Burn, Baby, Burn: An Emotionally-Biased Reflection on Incinerating Nabokov's Last Manuscript

By burning Nabokov's last manuscript, we aren't denying ourselves of a god-given opportunity to read one last Nabokov novel. Because that novel -- by his standards, doesn't exist.
This post was published on the now-closed HuffPost Contributor platform. Contributors control their own work and posted freely to our site. If you need to flag this entry as abusive, send us an email.

Some people know themselves better than others. Vladimir Nabokov, in his writing if not in his life, was a man who knew exactly who he was. By creating word puzzles, inserting himself into his narratives, and possessing his characters with often bizarre and outrageous obsessions, Nabokov presented the world with a body of work that was defined by its intentions. His writing -- from well-known masterworks like Lolita to more obscure gems like Invitation to a Beheading and Pnin -- is characterized by a unique sense of control: over his characters, his language, and his readers.

For many people, Nabokov's literary iron fist is exactly what makes his writing so appealing. And for my part, it's also exactly why I believe that his final, unfinished manuscript should be destroyed.

Not that I don't hold with sentimentality: I collect useful and useless things with little discrimination, I litter my apartment with novels I've already read and choke my purses with beach glass, marbles, and Russian alka-seltzer. As such, when I first heard about the flurry of debate surrounding The Original of Laura -- as the manuscript is titled -- I was torn. Nabokov left explicit instructions with his wife, Vera, stating that if the novel remained unfinished at the time of his death it was to be burned. But here was one last echo of his voice. How could we avoid straining to hear?

For reasons of her own, Vera did not destroy the manuscript before her own death, leaving it in the hands of their son. And Dmitri Nabokov, up until recently, has been agonizing over what to do: follow his father's last wishes, or preserve a piece of his literary legacy. But now the deed is done however, the bells have tolled, and Dmitri has announced that he'll release the contents of some 185 Nabokovian note cards out into the wider world. He claims to have come to this decision after imagining his father "with a wry smile, in a calmer and happier moment, saying 'Well, you're in a real mess here -- go ahead and publish. Have some fun.'"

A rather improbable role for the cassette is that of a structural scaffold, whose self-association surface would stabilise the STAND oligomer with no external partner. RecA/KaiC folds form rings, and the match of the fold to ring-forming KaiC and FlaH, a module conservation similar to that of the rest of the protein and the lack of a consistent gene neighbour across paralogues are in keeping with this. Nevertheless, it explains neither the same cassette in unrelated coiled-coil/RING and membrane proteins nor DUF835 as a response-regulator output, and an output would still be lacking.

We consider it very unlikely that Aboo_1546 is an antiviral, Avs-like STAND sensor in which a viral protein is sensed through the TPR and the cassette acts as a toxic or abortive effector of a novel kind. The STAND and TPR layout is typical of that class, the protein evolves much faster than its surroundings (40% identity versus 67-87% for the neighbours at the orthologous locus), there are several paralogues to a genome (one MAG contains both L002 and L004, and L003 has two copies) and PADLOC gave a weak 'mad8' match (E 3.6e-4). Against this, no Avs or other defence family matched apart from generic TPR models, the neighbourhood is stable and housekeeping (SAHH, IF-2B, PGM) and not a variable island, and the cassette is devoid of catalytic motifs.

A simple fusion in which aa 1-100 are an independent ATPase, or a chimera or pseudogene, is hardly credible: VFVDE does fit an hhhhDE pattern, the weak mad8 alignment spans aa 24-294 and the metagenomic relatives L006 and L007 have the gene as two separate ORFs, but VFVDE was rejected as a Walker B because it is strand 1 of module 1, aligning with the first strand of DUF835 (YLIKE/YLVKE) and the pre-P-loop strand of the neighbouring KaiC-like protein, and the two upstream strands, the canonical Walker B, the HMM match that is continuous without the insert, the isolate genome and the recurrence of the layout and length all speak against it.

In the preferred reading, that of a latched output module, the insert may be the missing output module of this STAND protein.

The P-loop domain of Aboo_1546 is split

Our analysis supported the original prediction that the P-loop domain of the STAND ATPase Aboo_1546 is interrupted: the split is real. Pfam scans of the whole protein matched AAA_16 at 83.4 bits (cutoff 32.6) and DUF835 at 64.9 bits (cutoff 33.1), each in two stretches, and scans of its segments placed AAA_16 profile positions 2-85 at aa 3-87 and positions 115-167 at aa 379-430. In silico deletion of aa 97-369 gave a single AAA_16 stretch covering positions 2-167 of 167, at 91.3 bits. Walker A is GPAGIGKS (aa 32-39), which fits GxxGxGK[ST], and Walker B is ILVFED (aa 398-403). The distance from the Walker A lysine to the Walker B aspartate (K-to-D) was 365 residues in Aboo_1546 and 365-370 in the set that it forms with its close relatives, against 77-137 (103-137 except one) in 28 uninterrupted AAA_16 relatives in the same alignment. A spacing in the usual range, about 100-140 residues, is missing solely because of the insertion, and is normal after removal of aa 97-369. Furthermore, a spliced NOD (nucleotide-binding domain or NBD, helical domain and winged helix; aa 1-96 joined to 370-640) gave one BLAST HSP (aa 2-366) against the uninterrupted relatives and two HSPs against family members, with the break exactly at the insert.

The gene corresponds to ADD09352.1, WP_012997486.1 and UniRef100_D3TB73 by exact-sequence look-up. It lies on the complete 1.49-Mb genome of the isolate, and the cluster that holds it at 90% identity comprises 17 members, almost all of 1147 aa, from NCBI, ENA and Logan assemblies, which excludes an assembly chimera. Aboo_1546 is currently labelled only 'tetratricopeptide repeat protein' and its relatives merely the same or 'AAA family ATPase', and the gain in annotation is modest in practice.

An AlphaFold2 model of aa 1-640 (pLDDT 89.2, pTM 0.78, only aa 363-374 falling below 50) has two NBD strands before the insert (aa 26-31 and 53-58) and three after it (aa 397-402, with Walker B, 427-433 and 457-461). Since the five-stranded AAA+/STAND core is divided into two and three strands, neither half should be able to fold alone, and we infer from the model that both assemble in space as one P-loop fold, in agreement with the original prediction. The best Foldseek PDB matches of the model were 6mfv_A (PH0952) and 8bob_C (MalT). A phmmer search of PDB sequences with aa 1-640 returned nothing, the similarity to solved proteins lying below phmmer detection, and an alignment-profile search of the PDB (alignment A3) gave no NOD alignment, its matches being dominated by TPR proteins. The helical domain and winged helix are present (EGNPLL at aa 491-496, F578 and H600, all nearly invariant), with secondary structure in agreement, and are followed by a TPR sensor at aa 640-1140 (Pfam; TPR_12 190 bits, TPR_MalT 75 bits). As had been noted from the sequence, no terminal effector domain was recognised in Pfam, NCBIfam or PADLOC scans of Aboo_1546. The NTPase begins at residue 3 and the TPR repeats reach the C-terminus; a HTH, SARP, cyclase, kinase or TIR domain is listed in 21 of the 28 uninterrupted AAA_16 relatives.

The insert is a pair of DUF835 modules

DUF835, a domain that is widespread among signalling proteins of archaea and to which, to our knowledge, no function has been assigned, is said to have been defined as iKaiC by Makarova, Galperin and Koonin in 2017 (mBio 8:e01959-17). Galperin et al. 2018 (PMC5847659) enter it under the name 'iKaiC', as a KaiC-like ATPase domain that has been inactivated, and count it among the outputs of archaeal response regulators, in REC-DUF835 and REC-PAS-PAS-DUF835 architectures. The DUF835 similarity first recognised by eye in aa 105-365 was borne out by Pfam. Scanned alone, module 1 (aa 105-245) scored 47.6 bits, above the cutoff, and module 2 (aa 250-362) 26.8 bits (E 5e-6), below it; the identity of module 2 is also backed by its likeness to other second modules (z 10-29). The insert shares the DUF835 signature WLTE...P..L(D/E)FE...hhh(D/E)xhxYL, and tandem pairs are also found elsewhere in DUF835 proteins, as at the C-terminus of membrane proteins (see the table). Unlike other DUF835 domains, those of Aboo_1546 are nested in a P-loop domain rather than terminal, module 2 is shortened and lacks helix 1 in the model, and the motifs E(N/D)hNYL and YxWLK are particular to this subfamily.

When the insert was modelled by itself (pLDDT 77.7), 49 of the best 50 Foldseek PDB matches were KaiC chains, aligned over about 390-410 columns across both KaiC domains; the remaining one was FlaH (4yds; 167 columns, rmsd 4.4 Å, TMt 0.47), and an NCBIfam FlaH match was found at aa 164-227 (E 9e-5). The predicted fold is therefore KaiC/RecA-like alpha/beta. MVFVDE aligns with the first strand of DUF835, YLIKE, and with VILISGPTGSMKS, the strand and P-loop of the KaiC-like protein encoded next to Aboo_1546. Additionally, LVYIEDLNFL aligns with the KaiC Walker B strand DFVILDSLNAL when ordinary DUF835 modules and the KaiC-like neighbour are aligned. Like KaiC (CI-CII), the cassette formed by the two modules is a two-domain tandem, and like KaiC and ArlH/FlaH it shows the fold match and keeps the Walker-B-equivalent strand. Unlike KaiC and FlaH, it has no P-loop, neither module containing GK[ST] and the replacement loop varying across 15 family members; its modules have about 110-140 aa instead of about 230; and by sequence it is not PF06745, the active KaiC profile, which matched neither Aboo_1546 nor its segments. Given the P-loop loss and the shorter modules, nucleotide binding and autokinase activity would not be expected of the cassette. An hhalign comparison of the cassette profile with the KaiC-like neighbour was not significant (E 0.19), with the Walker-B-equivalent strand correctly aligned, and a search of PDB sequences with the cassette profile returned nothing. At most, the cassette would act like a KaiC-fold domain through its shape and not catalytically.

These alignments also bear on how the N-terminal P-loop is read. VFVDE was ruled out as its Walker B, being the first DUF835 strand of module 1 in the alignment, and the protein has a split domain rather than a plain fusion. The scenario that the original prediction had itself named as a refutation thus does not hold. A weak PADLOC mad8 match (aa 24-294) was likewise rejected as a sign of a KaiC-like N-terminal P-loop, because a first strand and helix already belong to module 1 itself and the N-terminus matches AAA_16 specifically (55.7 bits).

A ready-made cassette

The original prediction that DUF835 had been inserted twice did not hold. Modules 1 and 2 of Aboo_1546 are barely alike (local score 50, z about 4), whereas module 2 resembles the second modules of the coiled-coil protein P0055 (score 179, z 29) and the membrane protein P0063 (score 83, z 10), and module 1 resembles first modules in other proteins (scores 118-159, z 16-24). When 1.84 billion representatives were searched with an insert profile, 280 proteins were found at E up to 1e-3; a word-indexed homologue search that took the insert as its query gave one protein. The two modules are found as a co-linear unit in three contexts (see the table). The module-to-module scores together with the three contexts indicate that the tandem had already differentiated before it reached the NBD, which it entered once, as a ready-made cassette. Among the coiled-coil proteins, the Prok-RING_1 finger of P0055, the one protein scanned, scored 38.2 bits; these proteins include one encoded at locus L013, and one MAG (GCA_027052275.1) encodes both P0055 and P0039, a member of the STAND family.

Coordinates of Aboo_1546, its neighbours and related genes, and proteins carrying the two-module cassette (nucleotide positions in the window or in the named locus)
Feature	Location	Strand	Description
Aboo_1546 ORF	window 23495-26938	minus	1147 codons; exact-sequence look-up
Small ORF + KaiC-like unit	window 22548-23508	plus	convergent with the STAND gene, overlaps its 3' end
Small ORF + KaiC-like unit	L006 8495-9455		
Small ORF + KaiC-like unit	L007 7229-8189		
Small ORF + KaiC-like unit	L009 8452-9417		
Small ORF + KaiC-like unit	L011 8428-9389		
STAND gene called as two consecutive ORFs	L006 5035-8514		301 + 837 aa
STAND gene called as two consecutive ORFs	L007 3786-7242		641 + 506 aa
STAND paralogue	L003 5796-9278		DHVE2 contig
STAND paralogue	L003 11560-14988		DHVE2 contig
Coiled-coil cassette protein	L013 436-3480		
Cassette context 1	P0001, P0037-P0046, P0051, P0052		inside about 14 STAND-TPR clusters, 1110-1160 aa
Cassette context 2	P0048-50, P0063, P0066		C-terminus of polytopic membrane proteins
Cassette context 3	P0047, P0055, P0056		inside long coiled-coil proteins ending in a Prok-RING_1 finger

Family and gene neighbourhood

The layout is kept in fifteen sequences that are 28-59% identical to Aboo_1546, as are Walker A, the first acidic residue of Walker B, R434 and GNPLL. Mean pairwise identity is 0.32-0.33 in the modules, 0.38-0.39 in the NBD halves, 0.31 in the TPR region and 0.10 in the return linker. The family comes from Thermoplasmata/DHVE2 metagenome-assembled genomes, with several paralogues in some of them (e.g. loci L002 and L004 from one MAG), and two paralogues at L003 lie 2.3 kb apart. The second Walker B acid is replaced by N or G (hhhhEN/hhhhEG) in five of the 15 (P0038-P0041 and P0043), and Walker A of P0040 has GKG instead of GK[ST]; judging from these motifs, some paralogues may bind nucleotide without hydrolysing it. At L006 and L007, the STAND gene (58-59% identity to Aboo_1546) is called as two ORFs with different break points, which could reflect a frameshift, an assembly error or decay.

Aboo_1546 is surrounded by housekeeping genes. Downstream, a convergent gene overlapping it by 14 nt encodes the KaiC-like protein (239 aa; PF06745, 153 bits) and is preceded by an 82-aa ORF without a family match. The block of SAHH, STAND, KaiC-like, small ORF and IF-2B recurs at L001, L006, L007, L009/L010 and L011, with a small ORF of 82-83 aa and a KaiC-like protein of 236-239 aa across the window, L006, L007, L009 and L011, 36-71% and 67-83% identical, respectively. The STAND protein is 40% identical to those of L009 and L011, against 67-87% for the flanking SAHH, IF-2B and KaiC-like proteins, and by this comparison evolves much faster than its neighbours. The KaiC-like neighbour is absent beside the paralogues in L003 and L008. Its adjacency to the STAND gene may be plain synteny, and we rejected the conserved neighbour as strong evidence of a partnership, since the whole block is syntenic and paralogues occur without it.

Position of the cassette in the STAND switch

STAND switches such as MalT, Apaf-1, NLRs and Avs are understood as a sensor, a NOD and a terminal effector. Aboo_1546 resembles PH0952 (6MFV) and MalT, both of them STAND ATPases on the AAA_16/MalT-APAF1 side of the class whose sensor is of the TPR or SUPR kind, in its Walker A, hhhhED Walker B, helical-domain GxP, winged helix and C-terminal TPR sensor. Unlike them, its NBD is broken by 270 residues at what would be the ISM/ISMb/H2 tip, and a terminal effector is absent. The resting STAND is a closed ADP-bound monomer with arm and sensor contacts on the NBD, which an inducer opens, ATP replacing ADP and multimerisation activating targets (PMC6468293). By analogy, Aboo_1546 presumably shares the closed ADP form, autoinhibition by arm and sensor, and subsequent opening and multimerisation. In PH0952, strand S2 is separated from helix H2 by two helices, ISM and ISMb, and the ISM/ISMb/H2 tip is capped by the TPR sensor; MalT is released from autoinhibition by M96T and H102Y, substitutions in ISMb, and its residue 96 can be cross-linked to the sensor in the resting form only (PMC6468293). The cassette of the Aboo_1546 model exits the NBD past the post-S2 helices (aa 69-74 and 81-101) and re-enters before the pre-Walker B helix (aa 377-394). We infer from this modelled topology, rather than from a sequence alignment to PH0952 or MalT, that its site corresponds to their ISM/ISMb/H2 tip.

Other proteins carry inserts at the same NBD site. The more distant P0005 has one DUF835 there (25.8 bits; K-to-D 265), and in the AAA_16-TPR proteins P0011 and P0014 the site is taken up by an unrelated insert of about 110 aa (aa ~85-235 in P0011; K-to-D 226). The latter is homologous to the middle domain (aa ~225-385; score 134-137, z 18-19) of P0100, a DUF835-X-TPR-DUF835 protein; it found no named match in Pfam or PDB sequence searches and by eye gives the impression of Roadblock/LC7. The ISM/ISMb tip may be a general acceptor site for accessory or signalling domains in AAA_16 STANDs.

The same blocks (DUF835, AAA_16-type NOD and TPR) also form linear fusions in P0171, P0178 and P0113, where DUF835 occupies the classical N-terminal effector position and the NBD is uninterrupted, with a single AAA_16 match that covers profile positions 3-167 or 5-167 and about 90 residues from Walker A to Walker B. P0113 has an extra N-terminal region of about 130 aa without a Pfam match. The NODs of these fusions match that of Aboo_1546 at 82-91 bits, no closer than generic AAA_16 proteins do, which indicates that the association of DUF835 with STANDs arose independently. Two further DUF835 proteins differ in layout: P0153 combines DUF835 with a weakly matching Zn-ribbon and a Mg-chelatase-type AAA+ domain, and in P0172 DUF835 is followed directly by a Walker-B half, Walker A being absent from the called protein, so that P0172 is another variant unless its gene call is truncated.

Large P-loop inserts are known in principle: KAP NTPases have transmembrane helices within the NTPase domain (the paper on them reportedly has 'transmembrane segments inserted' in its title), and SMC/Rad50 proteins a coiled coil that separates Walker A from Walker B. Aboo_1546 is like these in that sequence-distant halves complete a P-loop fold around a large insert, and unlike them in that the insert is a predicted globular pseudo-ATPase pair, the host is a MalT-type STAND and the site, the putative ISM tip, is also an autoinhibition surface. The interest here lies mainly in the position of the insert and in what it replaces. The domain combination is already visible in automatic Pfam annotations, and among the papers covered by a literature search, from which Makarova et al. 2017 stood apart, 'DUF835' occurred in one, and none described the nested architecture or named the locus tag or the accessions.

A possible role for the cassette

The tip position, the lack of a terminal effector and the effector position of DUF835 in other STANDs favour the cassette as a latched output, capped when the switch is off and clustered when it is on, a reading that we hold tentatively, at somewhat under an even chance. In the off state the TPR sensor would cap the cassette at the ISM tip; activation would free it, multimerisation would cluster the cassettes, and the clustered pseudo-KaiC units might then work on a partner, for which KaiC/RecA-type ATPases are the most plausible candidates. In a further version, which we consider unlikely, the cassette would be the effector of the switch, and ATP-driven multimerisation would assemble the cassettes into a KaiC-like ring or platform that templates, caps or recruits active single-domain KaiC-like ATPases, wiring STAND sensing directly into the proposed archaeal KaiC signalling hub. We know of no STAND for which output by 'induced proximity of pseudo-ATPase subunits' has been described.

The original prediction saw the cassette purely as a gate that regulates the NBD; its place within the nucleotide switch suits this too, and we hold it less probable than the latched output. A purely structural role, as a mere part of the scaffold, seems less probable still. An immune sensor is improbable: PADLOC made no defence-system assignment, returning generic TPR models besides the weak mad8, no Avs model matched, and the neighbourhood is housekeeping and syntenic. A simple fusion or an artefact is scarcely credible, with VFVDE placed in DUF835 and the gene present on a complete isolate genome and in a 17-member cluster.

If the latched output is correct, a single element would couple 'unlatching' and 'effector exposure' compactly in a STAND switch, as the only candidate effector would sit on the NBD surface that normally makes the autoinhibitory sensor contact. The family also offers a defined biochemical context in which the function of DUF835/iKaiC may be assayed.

Now, far be it from me to claim that I know Nabokov better than his own son, let alone that I know anything about their personal relationship. But I can't help but think that this smacks of presumption -- if not on Dmitri's part, then on the part of all those who heartily embraced his resolution. An artist should, as long as they live, have the right to decide how their work will be presented to the public. Some might argue that Nabokov is in fact not alive, that he is, in fact, quite specifically dead. But he lived just long enough to make his wishes about this situation clear. And by ignoring them, by sending the unfinished Original of Laura blithely off to the presses, we are trusting our own judgment over his, prioritizing our own desires.

Tom Stoppard (who noted the knee-jerk associated of this scenario with Kafka's plea that his own work be destroyed) got it right when he said that we as human beings have a "completeness complex" -- people hungrily assume that they have a right to everything that has existed or could exist, that the burning of The Original of Laura is somehow tantamount to a personal denial. But looked at rationally, that's simply not so. By burning the manuscript, we aren't denying ourselves of a god-given opportunity to read one last Nabokov novel. Because that novel - by Nabokov's standards, it doesn't exist.

His is a body of work composed not just of words, but of choices, intentions, and fanatical jurisdiction. Whatever The Original of Laura could have been as a complete work, it will never become a finished product, no matter how many hands stroke its pages. Given this, I believe that the unfinished manuscript stands as a more beautiful contribution to Nabokov's oeuvre as an intact mystery than it would as the empty bones of a piece, passed from hand to hand, in perpetual limbo.

But of course, that's just me: you can decide for yourself on this one. However much power Nabokov exerted through his writing, he's also known for saying that only two of the characters he wrote ever earned his respect: Lolita, and Timofey Pavlovich Pnin. And they were the ones who shrugged off his dictates and his obsessions, ran out into the night, and escaped him.

Support HuffPost

Popular in the Community